Tips to Bolster Positive Relationships in the Face of the Presidential Election

Student Anxiety

By Lindsey Lynch and Ramona McCullough

No matter the outcome, the results of this year’s presidential election will be challenging for many students, families, and educators. During this time, you can help your student successfully navigate interactions with their teachers and peers, especially those they may not agree with, by emphasizing a positive learning environment before and after the presidential election. This work began on the first day of school when you lay the foundation for positive peer interactions, empathy, and respectful communication among your students. Here are ways to maintain and strengthen that positive classroom climate before, during, and after the election.

  • Leverage developmental traits. When you know your students developmentally, you’re better able to anticipate specific needs and challenges for sustaining community during tumultuous times. For example, nine-year-olds tend to be very critical of self and others; the impact of this trait may become more pronounced during conversations with peers about the election. Eleven-year-olds experience a cognitive shift where argument and debate become important and pleasurable to them. Leveraging this knowledge in positive ways can help you prevent students from meeting their developmental needs through unproductive outlets. How might your students’ developmental traits influence their engagement with (and reaction to) the election?
  • Invest students in the rules. Use the rules to inspire ethical thinking and discussion among the community and establish clear expectations for respectful interaction. Focus on what the rules look like in practice through a class discussion. For example: “What would it look like, feel like, and sound like if we listen to others’ opinions?”How will we follow our rule to respect others so that everyone feels cared for in our class?”
  • Use positive teacher language. Teacher language is the most powerful teaching tool. You can foster students’ sense of belonging by using envisioning language that encourages the whole class to value and practice cooperation, respect, empathy, and compassion. Use open-ended questions to center students’ voices. Provide space for students to share, listen to, and understand others’ real emotions and concerns. Try out these envisioning language sentence starters from The Power of Our Words for Middle School:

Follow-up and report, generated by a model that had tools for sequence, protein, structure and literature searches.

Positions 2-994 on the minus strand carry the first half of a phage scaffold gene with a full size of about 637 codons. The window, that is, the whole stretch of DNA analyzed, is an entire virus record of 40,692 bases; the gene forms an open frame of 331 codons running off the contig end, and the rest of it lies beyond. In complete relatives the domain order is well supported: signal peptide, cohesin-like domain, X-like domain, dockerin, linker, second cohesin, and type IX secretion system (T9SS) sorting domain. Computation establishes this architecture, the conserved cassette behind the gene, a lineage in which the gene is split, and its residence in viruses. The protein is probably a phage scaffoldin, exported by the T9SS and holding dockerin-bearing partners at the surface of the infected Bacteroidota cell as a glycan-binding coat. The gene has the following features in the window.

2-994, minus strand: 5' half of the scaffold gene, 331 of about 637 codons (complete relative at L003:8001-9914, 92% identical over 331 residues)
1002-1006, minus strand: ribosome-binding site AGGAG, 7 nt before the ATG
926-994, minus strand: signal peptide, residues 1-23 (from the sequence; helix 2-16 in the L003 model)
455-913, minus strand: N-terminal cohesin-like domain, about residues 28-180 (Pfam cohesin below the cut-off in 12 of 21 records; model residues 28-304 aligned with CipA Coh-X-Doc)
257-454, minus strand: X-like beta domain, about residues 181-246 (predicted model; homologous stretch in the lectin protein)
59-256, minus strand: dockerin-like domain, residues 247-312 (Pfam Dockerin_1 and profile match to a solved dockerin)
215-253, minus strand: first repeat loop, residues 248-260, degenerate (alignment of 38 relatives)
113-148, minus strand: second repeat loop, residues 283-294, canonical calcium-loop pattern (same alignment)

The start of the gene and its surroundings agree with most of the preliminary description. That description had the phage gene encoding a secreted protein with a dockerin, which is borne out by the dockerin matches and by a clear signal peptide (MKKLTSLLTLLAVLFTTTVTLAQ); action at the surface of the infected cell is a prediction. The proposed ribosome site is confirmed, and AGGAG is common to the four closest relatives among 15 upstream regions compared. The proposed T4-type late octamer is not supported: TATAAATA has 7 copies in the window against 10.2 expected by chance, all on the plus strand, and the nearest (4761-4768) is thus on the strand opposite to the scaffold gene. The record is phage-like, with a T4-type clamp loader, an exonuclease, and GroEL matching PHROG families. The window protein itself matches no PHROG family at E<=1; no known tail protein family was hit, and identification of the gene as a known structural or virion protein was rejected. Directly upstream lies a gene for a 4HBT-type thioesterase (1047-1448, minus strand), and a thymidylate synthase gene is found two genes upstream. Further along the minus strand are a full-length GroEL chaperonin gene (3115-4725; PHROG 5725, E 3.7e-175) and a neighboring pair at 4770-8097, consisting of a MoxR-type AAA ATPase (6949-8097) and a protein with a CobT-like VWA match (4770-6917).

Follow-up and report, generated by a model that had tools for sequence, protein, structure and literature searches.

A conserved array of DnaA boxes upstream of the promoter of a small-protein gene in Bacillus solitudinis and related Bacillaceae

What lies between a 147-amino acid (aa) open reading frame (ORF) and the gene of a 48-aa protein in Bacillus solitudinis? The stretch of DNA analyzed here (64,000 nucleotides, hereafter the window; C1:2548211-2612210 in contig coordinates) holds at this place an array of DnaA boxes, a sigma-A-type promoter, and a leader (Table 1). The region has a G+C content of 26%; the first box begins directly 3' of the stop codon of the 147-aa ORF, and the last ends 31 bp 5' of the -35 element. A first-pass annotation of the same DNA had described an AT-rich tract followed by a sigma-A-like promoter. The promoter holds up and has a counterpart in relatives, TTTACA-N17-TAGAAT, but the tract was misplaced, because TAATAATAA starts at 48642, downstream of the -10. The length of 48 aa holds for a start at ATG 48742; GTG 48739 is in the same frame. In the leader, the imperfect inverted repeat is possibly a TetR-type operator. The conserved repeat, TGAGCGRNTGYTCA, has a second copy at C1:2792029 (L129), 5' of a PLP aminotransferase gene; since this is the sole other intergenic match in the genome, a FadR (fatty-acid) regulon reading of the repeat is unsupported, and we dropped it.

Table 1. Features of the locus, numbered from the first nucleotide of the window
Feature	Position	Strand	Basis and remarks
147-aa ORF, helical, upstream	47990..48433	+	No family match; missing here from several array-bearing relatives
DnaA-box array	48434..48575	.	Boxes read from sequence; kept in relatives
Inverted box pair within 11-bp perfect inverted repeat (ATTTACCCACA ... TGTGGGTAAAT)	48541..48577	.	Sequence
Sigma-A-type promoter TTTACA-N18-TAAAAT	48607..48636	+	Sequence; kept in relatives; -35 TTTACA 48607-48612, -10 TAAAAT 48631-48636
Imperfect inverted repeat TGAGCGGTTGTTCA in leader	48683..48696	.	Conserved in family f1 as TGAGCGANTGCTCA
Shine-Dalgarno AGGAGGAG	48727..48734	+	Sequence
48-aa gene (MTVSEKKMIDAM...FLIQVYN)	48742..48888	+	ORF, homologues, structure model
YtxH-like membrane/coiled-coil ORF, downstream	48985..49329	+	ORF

• What needs to happen so everyone can ________________?
    • Imagine that you ________________.
    • I hope that ________________.
  • Incorporate fun, playfulness, and creative thinking to reinforce positive experiences, create immediate connections, and strengthen bonds. Play provides authentic practice in collaboration and cooperation. Energizers and brain breaks can help students develop a playful mindset by giving them a fun learning experience regardless of the level or subject.
  • Hold Morning Meetings or Responsive Advisory Meetings to provide an inclusive and safe space for students to share their feelings as well as practice the skills associated with successful conversations. Plan your meetings to include activities that incorporate the skills necessary to create a safer school environment. For example, try out the lesson plans in The Responsive Advisory Meeting Book that let students practice how to show empathy, strategies for destressing, or how to overcome obstacles. Or, you might tailor content, format, and activities found in Morning Meeting Book so students have a designated time and space to discuss their emotions. For example, in an around-the-circle share, ask students: “Name one emotion word that describes how you are feeling about the election and one reason why you are feeling that way.”

Finally, don’t forget that taking care of yourself is one of the most important ways you can care for your students and colleagues.